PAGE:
In 1858, prominent local politician George Allan offered the Toronto Horticultural Society a five-acre parcel of land to develop a garden. The first public structure in the Park was a rustic pavilion built in 1860. In 1864, the City of Toronto purchased the surrounding lands from Mr. Allan, which it then re-leased to the Horticultural Society on the condition that the grounds be publicly accessible and free of charge.
In 1879 the Society opened a new Horticultural Pavilion between Carlton and Gerrard Streets. Designed by the architectural firm of Langley, Langley and Burke, this impressive 75’ x 120’ wood, iron and glass structure was later expanded with a 45’ x 48’ conservatory on the south side. One of the finest facilities of its type in all of Canada, the new building was in constant demand for promenade concerts, gala balls, conventions and flower shows. Despite the park's increasing popularity, debt forced the Society to sell its interest in the park and surrounding lands to the City in 1888.
The City initiated a program of improvement and expansion. In 1894 it replaced the old conservatory with a more spacious 90’ x 61’ facility. In tribute to the accomplishments and memory of George Allan, it was renamed Allan Gardens shortly after his death in 1901. In 1902, the Toronto Burns Monument Committee presented the City with a life-sized statue of Scottish poet Robert Burns, which still stands at the east end of the park.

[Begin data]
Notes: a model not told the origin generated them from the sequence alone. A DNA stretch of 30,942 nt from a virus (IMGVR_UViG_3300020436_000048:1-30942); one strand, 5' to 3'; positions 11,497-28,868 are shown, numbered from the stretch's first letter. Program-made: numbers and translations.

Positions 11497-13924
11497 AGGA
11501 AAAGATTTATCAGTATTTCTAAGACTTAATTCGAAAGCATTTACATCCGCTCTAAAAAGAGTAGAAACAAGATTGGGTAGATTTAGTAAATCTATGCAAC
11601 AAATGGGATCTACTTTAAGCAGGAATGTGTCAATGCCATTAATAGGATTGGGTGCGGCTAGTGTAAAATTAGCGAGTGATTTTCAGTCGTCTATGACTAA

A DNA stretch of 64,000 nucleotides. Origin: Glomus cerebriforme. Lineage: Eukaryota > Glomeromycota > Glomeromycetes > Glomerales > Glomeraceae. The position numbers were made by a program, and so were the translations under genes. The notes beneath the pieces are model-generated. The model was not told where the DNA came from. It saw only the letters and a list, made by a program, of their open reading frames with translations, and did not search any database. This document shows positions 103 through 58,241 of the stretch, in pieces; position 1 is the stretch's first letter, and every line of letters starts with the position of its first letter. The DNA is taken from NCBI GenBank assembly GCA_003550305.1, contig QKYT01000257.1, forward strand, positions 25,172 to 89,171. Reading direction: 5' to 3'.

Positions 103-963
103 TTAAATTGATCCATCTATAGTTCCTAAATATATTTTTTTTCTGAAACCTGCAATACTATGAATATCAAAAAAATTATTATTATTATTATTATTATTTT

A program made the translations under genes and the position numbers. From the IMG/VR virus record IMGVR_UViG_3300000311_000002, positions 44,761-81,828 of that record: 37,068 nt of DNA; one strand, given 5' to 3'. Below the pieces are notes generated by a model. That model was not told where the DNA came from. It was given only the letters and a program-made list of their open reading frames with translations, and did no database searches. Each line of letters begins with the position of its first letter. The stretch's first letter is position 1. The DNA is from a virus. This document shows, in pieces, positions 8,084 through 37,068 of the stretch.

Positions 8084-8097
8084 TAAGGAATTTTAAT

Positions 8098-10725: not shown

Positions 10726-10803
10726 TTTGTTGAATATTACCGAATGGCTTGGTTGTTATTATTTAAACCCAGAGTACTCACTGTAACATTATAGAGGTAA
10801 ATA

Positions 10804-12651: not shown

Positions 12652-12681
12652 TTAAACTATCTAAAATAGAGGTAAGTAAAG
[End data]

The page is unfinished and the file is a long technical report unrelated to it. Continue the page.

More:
A disastrous fire on June 6,1902 destroyed the Horticultural Pavilion and parts of the conservatory. City architect Robert McCallum designed its replacement, the classically proportioned domed Palm House which opened in 1910 and stands on the site today. The 1920’s saw two new display greenhouses added to the north and south ends of the Palm House. The City rejuvenated the park from 1956 to 1963. With new lands acquired along Jarvis and Carlton, the total site grew to almost 13 acres. In 1957, it constructed additional greenhouse wings to expand conservatory display space and reconstructed the adjacent garden areas.
The latest addition to the site is the Children’s Conservatory. This greenhouse belonged to the University of Toronto Botany Department and was built in 1932. The University donated the historic greenhouse, which was moved from its location at College and University Avenue and attached to the existing conservatory at Allan Gardens. It was officially re-opened in 2004. The Children’s Conservatory is closed to the public, but offers horticultural programs for children.
Today, Allan Gardens Conservatory greenhouses comprise over 16,000 square feet. It boasts an extensive permanent collection that is supplemented by colourful seasonal plants and flower shows.